It’s a normal Sunday in Birmingham city centre apart from the fact that all the pubs are slowly filling with pirates, camouflage and SABATON t-shirts. As the afternoon progresses I start to suspect that someone is shipping them in by the coachload. The O2 is packed, not quite sold out but it can’t be far off. Tonight we have a co-headline power metal show with both Sweden’s tank-loving SABATON and Scottish pirates ALESTORM sharing the top spot. I like to imagine that the bands came together over their mutual love of cannons.
A minor gripe, maybe, but I am disappointed that there is no local support act tonight. Many in the crowd may see this as a good thing and want to get to the main acts quickly. However, for me, it’s important to support the local metal scene and I would have liked to see some locals on the bill.
With small horns protruding from his otherwise bald head BLOODBOUND’s vocalist Patrik Johansson takes the stage. The Swedish band play lively power metal with a devilish twist. It is their first time in Birmingham and they tell us how honoured they are to play in the birthplace of metal. In celebration, they play their 2012 anthem “In The Name Of Metal”. Some other highlights of their set included tracks from their latest album “Stormborn” and their closing track “Book Of The Dead” where they were briefly joined on stage by Satan himself. BLOODBOUND provided an entertaining and enjoyable performance which reminded me of Iron Maiden.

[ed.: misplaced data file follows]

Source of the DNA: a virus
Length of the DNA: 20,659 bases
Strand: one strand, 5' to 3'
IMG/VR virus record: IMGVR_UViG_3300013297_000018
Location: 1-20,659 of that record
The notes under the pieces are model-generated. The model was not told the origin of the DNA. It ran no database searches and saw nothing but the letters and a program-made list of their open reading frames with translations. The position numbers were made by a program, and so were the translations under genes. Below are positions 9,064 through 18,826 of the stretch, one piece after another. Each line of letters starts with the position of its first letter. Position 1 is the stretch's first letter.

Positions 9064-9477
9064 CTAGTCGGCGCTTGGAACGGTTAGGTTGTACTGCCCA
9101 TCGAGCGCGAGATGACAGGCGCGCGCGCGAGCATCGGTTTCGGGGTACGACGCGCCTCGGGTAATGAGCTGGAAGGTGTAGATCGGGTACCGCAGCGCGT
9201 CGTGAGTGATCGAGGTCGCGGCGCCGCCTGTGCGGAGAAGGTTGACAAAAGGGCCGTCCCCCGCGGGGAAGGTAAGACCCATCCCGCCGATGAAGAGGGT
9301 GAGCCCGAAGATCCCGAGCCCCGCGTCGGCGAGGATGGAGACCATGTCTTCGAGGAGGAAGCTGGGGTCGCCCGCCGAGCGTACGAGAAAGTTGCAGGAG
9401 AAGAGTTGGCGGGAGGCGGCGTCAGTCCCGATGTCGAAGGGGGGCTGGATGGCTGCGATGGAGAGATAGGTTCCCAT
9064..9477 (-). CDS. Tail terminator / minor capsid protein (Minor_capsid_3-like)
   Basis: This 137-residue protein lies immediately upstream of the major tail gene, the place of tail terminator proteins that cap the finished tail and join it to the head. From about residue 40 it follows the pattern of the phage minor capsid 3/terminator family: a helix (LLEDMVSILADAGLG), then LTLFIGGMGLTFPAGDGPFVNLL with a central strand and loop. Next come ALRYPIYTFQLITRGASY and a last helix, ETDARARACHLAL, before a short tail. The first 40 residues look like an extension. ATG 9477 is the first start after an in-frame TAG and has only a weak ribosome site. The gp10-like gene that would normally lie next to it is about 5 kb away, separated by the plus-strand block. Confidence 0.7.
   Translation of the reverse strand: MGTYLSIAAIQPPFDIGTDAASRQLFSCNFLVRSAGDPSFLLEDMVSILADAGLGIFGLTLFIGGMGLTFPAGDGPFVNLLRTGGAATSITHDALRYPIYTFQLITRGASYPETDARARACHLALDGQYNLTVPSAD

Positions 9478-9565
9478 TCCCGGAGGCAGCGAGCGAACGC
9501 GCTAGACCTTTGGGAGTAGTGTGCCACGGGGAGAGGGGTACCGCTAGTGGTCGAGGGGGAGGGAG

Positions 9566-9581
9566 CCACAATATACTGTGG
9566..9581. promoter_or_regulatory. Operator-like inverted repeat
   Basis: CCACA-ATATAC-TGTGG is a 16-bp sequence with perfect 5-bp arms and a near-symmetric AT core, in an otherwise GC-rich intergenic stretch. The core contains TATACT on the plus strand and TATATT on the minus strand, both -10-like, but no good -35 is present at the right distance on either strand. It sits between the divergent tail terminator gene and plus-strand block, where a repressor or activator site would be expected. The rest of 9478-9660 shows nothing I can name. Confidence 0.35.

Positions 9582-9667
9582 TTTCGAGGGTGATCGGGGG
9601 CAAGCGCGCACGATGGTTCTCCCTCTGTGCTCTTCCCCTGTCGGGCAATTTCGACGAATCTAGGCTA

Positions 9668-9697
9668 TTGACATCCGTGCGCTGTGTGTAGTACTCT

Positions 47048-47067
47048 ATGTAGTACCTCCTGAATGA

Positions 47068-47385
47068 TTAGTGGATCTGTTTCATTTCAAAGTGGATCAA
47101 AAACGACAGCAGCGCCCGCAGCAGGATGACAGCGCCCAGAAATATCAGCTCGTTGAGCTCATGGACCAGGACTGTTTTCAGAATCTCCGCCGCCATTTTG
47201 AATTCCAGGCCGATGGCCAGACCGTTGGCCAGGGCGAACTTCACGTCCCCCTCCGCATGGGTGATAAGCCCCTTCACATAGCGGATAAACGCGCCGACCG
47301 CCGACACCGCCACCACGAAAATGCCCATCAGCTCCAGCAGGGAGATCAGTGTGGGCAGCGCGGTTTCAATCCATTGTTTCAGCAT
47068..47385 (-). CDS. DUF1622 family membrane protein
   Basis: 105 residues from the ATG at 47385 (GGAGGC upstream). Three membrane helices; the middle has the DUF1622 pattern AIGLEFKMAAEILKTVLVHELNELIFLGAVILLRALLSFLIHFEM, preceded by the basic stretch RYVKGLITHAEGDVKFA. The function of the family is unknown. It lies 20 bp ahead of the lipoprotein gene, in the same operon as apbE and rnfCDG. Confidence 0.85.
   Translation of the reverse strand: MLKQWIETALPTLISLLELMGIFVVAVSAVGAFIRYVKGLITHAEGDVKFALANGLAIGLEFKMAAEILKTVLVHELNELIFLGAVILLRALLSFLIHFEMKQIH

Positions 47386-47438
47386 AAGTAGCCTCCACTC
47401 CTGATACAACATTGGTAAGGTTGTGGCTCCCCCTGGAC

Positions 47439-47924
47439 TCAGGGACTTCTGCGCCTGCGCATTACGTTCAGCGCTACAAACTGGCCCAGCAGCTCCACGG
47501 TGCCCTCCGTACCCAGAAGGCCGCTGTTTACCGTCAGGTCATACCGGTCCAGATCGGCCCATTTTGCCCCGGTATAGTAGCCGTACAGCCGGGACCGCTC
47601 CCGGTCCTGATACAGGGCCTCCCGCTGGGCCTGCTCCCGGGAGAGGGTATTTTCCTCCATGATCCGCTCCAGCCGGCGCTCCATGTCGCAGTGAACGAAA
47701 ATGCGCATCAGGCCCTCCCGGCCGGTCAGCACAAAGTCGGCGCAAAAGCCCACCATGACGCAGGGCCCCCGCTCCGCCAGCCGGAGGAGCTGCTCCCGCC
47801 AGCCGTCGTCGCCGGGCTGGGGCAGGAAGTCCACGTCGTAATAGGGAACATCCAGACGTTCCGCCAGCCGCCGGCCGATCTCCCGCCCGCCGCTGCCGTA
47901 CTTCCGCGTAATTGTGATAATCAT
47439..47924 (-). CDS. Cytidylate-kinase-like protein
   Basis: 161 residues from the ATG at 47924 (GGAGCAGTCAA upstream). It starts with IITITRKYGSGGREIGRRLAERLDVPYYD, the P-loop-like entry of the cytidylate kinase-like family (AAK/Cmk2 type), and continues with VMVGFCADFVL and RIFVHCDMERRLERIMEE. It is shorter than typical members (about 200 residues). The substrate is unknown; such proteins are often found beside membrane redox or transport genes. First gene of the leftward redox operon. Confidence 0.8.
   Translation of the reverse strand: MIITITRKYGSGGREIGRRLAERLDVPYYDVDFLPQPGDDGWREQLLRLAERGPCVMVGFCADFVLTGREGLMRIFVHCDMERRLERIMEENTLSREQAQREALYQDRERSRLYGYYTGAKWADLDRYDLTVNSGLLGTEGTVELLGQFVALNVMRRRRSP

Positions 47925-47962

I have very fond memories of nearly losing an eye during an ALESTORM concert in 2008. The incident involved the combination of a ‘Wall of Death’ and plastic swords but they were more carefree times and it was an awesome show. I think it is fair to say that ALESTORM have always been a silly gimmicky band. Playing a mixture of metal and sea shanty songs whist dressed as pirates. However, tonight’s performance proves that they have finally given up all pretence of being a serious band.
Dressed in t-shirts featuring the huge faces of dogs, they’re joined on stage by a giant yellow rubber duck and a Fray Benton’s beef and kidney pie drum kit. I couldn’t make this stuff up! No pirates, galleons or cannons grace the stage. They present us with a band that has grown tired of their own gimmick and they provide a passionless recital. Pirate-lovers in the crowd bark the lyrics to their favourite tracks; “Keelhauled”, “Captain Morgan’s Revenge”, “Nancy’s Harbour Café”, “Rum” and “Wenches and Mead”, but you can feel the confusion and ultimately disappointment in the crowd.
“SAB-A-TON, SAB-A-TON”, the crowd begin the chanting that will stay with us throughout the night. SABATON storm on to the stage; their trademark camo and body armour. Naturally a tank houses the drummer, Hannes Van Dahl. The band’s exciting brand of power metal deals with themes of wars and battles throughout history. You’ll never see a more enthusiastic and energetic performance as that delivered by SABATON.
They seem genuinely happy to be on stage in Birmingham. Perpetually happy frontman, Joakim Brodén, tells us that he has goose bumps playing the home of heavy metal for the first time. To celebrate they give the crowd a rendition of The Village People’s “YMCA”, and why not?!
Their uplifting anthems with strong choruses are perfect for crowd sing-a-longs and SABATON delight us with some firm favourites; “Ghost Division”, “Swedish Pagans”, “Carolus Rex”, “Art Of War” and “Primo Victoria”. The band has a fiercely loyal fan base, they even have their own festivals back in Sweden, and you can see why; you cannot fault them. As the crowd pour out of the venue into the night you can still feel the buzz of a fantastic gig.
Review by Rebecca Collins